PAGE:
Just over a month after their three initiatives were soundly defeated at the polls, tax limitation advocates are conducting a statewide telephone survey to determine what support there is for future measures.
Few details of the seven-day survey, scheduled to be finished by Thursday, are being made available although a leader of the Tax Limitation Coalition, Mills Crenshaw, said the results would be made public later this week.The survey is being conducted by an unnamed polling company that has done similar work for political organizations within the state, according to Crenshaw, whose radio talk show helped spark the coalition.
It will ask respondents their feelings on a wide range of tax-related issues, including whether they support removing sales tax on food. The coalition had indicated that would be their first priority.
The survey will also attempt to zero in on what type of property tax reductions would be supported by voters as well as their opinion of a variation on the idea of a tax break for parents of children in private schools.
Other issues include eliminating all sales taxes, requiring a referendum on proposed bonding for a new county jail and a "Bill of Rights" to protect taxpayers from "arbitrarily increased" property taxes.
In November, voters rejected three tax initiatives that would have limited property tax rates and government growth, rolled back increases in sales, income, gas and cigarette tax, and given parents of children in private schools a tax break.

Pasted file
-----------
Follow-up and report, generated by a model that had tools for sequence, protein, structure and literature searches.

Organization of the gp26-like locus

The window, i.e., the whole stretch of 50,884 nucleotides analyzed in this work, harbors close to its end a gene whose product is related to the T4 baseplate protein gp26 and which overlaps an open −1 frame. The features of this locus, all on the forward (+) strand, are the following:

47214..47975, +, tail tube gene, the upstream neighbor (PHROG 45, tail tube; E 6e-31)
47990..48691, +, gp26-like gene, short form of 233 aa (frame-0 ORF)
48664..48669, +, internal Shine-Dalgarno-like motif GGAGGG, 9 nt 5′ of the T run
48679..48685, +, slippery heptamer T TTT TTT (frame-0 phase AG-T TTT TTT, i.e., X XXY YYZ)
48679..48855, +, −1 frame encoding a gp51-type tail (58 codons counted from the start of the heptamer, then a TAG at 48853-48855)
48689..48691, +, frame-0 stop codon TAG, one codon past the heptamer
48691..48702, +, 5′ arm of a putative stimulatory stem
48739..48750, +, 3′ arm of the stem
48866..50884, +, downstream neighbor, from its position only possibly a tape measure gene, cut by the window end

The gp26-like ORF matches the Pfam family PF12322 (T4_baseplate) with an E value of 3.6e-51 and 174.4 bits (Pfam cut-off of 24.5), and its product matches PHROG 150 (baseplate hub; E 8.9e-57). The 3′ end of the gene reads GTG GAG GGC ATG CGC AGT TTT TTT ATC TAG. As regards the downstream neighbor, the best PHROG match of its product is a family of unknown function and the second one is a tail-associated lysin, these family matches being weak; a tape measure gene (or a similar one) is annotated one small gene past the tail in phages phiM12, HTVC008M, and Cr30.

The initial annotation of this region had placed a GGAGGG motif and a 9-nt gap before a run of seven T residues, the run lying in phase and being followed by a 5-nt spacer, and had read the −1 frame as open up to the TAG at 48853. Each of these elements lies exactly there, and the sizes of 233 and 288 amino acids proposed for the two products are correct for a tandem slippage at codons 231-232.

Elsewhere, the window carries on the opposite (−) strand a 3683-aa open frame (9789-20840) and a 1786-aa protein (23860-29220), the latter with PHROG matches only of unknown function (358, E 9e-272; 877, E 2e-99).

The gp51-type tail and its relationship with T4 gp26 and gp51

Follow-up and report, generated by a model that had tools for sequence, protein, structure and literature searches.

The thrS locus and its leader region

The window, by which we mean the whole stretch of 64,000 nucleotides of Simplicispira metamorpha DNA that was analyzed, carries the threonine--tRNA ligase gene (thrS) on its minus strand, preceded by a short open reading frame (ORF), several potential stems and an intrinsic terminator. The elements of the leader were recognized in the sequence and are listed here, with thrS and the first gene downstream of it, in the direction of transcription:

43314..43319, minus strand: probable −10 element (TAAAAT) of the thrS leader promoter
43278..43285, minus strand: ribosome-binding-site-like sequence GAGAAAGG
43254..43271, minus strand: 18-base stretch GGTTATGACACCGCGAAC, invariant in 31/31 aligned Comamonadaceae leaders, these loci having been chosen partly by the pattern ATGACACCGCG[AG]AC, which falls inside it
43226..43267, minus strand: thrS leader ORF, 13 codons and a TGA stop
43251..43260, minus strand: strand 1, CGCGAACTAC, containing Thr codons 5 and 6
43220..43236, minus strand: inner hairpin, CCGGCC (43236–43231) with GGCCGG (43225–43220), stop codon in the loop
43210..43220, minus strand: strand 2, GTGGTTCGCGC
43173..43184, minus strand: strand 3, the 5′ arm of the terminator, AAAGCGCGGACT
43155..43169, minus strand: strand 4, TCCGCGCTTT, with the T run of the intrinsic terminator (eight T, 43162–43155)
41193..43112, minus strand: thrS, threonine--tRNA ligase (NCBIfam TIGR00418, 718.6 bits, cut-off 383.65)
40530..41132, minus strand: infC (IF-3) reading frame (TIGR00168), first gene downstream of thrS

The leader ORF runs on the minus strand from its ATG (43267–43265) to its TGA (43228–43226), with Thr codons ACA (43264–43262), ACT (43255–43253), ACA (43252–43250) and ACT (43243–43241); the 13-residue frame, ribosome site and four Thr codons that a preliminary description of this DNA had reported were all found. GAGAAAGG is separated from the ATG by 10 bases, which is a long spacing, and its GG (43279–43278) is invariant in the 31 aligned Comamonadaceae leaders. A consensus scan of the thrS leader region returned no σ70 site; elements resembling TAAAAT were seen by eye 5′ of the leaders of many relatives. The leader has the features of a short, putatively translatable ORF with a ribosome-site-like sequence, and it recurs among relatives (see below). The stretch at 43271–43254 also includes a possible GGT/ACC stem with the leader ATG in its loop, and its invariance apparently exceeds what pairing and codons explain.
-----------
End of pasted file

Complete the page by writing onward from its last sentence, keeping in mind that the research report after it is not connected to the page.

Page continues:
A "war council" held shortly after the election among the members of the committee that directs the coalition came up with the plan to survey residents about what kind of tax reform they want, Crenshaw said. The purpose is not just to find out how people would vote on the issues, but also how much effort they would be willing to make to see changes enacted.
Although tens of thousands of Utahns signed petitions to get the tax initiatives on the November ballot, support for the tax-cutting measures steadily declined as opponents mounted an extensive campaign.
"I think we're going to be able to delineate the doers from the talkers - those who are willing to fight for what they want rather than just pay it lip service," Crenshaw said.
The coalition is determined not to be beaten again. This time, Crenshaw said, their plans will be better thought-out and will involve "significant funding over a long period of time."
The poll results will probably be released either Thursday or Friday, Crenshaw said, possibly on his midday radio program on "K-TALK" radio.